A common question we’re often asked about is whether email subscription opt-in boxes on forms should be checked or not. Some folks advocate that for maximum list-building potential, boxes should always be pre-checked. Some folks advocate that for true subscription intent, boxes should always be unchecked by default.
Which is right?
The answer is – it depends on what kind of audience you’re looking to get. There’s a wonderful TED Talk by scientist Hans Rosling that looks at opt-in rates of citizens of various countries for a certain healthcare initiative. In some European countries, opt-in rates for this health program are in the 10-15% range, while in other countries it’s in the 90%+ range. Why the crazy differences between otherwise similar nations and citizens?
It turns out that in the countries where the opt-in rate is the highest, the box on their census forms is pre-checked by default. In countries where it’s lowest, citizens have to check it off. That’s the fundamental difference.
Whether in health care surveys or email marketing, you’ll get very different response rates based on how much work you ask people to do. One of the reasons that platforms like Sign in With Facebook are so powerful is that it requires almost no additional work on the part of the user. People gladly, it seems, trade their privacy for the convenience of not checking an additional box.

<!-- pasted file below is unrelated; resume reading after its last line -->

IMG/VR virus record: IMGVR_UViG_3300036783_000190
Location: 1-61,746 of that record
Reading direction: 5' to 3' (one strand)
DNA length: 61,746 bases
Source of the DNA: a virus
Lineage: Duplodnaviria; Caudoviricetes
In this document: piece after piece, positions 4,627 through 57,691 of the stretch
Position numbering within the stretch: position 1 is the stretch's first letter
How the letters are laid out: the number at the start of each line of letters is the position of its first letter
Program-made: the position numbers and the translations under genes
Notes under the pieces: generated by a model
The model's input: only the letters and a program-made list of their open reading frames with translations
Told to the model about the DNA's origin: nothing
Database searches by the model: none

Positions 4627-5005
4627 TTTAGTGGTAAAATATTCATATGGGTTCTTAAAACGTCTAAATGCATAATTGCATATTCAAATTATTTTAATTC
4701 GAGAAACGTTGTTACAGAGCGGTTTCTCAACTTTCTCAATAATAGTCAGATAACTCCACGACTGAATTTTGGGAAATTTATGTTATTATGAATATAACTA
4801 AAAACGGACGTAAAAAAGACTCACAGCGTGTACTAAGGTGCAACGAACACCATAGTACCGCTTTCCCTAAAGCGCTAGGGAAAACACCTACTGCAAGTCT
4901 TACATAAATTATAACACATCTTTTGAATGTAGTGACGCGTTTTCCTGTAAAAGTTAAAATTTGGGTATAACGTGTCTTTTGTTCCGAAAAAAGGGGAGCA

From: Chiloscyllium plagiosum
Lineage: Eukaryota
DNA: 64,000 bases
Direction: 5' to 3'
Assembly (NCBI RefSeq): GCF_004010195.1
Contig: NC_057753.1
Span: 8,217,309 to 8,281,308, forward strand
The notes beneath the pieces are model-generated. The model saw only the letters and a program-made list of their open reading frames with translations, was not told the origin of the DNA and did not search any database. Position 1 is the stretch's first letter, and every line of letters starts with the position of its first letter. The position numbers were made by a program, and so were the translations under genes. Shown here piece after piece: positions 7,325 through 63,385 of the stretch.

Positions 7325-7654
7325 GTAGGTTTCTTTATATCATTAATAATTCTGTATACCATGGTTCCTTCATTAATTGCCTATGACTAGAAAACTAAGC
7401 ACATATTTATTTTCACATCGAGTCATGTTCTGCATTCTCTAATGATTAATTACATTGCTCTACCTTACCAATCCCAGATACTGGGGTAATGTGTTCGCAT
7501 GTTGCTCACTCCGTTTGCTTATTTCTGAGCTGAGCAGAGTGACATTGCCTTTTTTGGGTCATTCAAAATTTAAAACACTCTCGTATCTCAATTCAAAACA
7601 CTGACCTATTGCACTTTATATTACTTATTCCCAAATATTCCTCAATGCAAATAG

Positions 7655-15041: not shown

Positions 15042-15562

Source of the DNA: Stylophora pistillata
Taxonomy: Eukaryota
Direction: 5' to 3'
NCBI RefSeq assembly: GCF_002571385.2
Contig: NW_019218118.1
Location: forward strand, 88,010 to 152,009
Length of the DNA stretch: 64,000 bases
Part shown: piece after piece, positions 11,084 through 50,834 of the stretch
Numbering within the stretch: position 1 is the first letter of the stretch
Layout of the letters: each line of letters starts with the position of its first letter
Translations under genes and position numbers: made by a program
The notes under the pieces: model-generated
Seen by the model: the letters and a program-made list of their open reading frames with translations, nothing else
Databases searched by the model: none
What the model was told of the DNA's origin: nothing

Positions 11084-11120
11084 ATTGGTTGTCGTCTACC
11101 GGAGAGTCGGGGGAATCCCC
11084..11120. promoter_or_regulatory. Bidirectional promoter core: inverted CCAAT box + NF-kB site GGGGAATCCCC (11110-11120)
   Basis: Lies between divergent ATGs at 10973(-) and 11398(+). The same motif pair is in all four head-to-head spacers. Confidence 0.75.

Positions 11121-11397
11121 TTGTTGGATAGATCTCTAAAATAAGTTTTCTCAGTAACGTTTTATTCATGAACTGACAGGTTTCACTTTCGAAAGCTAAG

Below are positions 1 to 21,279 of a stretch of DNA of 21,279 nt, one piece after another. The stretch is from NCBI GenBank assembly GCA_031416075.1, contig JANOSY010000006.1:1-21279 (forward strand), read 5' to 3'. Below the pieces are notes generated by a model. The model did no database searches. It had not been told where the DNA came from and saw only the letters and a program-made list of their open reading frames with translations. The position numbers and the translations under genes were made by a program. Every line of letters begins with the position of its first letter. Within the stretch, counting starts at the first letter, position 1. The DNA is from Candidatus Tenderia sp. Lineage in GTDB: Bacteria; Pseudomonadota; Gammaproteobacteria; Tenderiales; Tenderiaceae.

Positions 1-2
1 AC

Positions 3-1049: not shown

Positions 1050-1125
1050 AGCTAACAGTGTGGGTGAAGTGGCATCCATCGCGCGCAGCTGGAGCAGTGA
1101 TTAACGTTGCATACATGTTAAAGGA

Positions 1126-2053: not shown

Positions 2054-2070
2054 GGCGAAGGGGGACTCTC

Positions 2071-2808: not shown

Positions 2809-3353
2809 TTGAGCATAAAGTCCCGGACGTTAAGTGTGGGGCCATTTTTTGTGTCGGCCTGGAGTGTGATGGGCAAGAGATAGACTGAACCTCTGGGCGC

There’s a dark side to using a pre-checked box on your forms, however – the number of people who are NOT dedicated, engaged fans and subscribers will be significantly higher. People will be on your list who will not even be consciously aware that they signed up for your list, and some percentage of those will even report you as a spammer, even though you can demonstrate clear adherence to the letter of the law by asking for and receiving permission.
Which is better? That depends on the kind of audience you want. If you want a small, focused, highly engaged audience, ask users to manually check off a subscription box. If you want a large, less focused, but more comprehensive audience, pre-check it for them and you’ll only filter out people who REALLY don’t want to hear from you. The choice you make depends on what your business needs most. If you’re looking to build your core of evangelists, choose the former. If you need to populate your database as your highest priority, choose the latter.
Christopher S. Penn
Director of Inbound Marketing, WhatCounts